Networking is an integral, and arguably the most important, element of a job search. Eighty percent of the jobs that get filled are never advertised, posted on the internet or otherwise made known to the general public. Effective networking by others is one of the reasons that your on-line job application disappears into a black hole. Think about it – if you are a hiring manager with 80 resumes on your desk that came to you in response to a job posting when an email from your colleague arrives saying that he has just met someone who is a great fit for the role – what are you going to do? You certainly are not going to slog through the pile of resumes on your desk. In fact, research has demonstrated, and companies know, that the best (and lowest cost) hires are employee referrals and as a result incentive plans for employee referrals have become common place.
Research has also proven that “weak-ties”, people you do not know well but with whom you have some affiliation, are much more productive than “strong-ties”, people who know you well. If you are in job search mode, people who know you well would know about your search and help. Weak-ties will get you into new networks with a whole new set of connections and contacts.
1. Target Specific Industries, Companies, and/or Functions
You need to have a starting point and therefore need to target specific industries, companies or functions. To do this you need to have developed your Personal Value Proposition or Brand Statement (see my blog Crafting Your Personal Value Proposition) which will focus your efforts. You need to start somewhere even if your focus changes later.
2. Leverage Strong
TiesWeak-ties are more productive than strong-ties but strong-ties are still productive and worth leveraging. You don’t know what you don’t know and need to ask the right questions. Ask your parents, relatives, friends, people you play hockey with etc. if they know people in specific companies or industries or know anyone who does. Frame your question in both the specific and general, for example “I am exploring career opportunities in retail and am seeking the advice and counsel (not a job) of people in the sector. Can you think of anyone I should speak with?”. The more specific you can be the more able people are to be of direct assistance to you – “with large retailers including Canadian Tire, Loblaw and Hudson Bay”.If they offer up a name, ask them if they would be willing to provide and introduction and offer to draft an email for them to use. Drafting the email makes it easier for them and therefore more likely to actually do it. It also allows you to control, subject to their editing, what is said.If they seem hesitant to make a direct introduction, ask them if you can use their name when making contact. If they agree put, “Referred by Peter” in the subject line of the email.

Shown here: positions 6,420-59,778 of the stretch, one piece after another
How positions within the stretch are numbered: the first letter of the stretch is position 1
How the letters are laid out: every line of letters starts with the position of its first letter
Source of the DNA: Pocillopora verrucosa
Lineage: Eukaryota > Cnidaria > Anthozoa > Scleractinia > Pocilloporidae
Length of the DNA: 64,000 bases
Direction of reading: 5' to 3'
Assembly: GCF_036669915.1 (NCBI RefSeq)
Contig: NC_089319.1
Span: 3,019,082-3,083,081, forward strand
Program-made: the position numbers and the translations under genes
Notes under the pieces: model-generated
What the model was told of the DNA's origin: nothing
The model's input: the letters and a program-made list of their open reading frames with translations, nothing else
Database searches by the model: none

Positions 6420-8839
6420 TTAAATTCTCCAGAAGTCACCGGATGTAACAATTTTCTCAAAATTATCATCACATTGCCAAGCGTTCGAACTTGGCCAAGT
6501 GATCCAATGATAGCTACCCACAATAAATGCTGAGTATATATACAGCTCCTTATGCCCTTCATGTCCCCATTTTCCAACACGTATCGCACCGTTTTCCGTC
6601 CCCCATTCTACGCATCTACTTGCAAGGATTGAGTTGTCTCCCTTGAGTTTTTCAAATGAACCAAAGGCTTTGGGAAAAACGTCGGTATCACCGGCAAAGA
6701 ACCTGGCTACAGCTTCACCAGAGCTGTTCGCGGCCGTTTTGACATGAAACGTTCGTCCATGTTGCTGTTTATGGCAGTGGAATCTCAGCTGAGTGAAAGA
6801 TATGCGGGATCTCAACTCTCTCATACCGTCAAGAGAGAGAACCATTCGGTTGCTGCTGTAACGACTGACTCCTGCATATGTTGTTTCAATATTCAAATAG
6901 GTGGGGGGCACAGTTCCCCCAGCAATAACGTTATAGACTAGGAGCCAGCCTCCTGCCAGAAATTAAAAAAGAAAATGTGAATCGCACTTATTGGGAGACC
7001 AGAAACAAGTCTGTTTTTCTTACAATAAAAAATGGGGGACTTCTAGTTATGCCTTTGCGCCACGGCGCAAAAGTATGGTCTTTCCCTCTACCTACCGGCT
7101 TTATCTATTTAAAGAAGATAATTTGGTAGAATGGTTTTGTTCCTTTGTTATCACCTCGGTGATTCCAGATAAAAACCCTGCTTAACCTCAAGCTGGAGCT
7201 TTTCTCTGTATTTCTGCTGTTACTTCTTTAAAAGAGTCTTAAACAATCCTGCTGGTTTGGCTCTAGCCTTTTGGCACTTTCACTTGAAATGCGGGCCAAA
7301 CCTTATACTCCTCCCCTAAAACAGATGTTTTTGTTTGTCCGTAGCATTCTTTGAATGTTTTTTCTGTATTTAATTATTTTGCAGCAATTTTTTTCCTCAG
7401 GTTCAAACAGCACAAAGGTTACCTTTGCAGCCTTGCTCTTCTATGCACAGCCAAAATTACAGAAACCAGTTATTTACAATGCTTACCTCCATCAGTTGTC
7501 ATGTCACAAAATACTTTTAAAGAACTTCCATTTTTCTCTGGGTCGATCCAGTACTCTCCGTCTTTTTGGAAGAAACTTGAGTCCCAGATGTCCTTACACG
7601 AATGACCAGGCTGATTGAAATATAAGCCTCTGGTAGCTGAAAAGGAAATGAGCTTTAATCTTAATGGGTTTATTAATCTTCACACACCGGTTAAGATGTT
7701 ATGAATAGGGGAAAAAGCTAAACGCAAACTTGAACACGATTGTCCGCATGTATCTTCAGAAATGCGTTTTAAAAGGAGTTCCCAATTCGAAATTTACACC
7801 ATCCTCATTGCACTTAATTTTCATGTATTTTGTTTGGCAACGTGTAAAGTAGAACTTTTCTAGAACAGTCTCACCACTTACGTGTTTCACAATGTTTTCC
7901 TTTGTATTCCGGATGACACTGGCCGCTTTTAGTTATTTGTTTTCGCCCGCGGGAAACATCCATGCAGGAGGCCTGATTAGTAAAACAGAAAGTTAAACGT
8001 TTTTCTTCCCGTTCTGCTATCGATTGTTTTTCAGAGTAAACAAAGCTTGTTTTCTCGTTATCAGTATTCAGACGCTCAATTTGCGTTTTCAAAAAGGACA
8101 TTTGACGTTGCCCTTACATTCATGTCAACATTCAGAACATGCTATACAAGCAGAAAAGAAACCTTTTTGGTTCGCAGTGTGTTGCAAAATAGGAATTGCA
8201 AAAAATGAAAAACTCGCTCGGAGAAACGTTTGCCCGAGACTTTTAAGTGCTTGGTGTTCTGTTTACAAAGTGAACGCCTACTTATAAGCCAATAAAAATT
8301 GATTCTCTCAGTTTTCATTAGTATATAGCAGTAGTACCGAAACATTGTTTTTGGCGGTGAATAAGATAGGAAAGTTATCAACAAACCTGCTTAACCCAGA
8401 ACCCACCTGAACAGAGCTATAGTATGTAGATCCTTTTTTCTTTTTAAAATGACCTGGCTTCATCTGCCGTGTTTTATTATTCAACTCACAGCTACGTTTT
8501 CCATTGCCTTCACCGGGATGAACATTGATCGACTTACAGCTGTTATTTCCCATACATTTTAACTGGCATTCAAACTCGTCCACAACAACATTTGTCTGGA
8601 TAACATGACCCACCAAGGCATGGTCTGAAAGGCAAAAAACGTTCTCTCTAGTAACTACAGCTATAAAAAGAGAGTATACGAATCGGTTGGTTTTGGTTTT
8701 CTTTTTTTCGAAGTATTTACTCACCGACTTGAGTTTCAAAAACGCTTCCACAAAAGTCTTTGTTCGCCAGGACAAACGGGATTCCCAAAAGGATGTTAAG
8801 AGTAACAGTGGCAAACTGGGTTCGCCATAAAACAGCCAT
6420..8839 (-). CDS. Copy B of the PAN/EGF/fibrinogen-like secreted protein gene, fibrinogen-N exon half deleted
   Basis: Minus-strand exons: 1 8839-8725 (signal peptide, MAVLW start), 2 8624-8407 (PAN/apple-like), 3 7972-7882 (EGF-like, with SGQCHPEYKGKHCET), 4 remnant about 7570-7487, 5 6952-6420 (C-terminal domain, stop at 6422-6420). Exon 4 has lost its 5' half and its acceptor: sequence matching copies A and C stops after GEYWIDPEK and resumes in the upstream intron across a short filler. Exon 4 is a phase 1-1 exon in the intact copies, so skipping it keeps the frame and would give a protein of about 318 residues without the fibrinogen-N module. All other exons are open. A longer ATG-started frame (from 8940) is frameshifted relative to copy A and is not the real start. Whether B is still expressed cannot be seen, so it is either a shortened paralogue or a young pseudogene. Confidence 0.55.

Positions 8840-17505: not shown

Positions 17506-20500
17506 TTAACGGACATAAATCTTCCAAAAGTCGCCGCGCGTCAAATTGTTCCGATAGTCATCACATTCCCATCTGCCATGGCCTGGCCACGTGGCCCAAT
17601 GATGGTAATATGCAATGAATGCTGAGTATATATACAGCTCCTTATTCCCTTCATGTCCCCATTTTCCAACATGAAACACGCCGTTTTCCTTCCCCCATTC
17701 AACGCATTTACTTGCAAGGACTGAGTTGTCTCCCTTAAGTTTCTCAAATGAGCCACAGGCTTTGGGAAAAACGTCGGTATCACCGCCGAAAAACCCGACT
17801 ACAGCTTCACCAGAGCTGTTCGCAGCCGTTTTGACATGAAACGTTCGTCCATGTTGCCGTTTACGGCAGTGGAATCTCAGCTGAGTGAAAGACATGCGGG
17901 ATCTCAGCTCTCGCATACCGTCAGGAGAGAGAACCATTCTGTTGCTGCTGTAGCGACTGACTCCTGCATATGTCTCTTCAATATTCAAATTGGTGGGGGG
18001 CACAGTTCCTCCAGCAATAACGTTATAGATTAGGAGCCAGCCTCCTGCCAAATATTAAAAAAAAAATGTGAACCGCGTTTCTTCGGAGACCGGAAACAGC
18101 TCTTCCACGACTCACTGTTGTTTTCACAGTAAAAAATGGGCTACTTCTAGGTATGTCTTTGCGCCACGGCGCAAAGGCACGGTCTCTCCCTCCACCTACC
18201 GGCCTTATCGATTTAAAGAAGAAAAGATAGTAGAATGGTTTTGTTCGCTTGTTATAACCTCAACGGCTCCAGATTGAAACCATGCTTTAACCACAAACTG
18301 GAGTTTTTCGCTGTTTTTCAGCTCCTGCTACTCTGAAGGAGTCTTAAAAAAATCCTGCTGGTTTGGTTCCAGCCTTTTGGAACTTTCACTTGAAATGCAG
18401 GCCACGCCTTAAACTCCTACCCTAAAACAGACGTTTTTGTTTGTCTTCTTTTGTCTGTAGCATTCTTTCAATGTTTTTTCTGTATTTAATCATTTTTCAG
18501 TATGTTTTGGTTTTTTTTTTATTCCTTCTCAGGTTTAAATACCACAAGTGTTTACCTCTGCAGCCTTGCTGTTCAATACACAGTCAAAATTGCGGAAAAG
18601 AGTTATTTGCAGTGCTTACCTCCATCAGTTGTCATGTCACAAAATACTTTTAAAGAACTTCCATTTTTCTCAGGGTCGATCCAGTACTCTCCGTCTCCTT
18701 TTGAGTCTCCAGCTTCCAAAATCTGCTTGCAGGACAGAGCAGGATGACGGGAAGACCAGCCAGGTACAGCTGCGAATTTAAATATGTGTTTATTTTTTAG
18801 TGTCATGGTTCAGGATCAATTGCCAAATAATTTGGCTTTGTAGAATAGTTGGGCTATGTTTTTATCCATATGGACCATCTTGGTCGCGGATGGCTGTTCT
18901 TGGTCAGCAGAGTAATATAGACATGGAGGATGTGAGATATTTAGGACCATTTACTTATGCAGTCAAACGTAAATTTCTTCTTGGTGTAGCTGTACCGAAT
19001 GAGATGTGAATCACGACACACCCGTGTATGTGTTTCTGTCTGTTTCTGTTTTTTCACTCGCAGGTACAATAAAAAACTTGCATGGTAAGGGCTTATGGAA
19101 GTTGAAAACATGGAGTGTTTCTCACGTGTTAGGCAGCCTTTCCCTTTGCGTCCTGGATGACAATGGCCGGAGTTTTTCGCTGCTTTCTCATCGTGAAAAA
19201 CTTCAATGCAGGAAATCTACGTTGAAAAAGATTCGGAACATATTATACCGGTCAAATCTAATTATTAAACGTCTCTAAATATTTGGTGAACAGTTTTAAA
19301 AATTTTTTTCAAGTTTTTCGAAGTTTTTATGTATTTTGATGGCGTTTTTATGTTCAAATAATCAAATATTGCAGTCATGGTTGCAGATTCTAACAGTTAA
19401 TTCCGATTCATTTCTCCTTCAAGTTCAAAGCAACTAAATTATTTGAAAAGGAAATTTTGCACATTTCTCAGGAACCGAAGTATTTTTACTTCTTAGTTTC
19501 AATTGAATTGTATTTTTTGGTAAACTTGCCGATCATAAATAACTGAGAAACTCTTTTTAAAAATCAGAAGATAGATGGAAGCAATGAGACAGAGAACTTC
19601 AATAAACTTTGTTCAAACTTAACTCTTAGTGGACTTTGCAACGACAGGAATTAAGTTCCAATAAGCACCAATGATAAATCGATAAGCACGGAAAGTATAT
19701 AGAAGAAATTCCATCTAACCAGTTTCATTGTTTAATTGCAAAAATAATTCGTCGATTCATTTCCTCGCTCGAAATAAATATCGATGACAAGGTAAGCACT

3. Identify Weak-Ties
University and even high school alumni can be powerful networking resources. At most universities and independent high schools there is someone responsible for alumni relations. Contact them and tell them what you are looking for and if they know anyone with whom you should speak. Most universities have local chapters led by an alumnus (not an employee of the school). Contact them and ask them for referrals. Review old alumni magazines and newsletters to see if there is an article on someone or an ad/announcement placed by an alumnus who could be of assistance to you.LinkedIn is a powerful tool for networking. Behind the “My Network” tab there is a dropdown menu that allows you to search for alumni. Use the “Location” feature in Advanced Search to narrow your focus. Scroll through your alumni and make note of the people with whom you want to network. Do not contact them through LinkedIn – find their professional email address (more on this in my next blog). Take note of the LinkedIn Groups they belong to and join the same Groups.
4. Target Non-Ties
Identify individuals who you would like to network even if you do not have an connection. Look for magazine articles or blogs written by thought or opinion leaders in companies or industries of interest. If you are targeting specific companies use LinkedIn to identify networking targets. They should have experience in the company or industry (about 5 years) so they will have knowledge and contacts.You should develop a list of40 – 50 networking targets – enough to provide critical mass but not so many that they are unmanageable.
In my next newsletter I will outline the process for reaching out to your networking targets.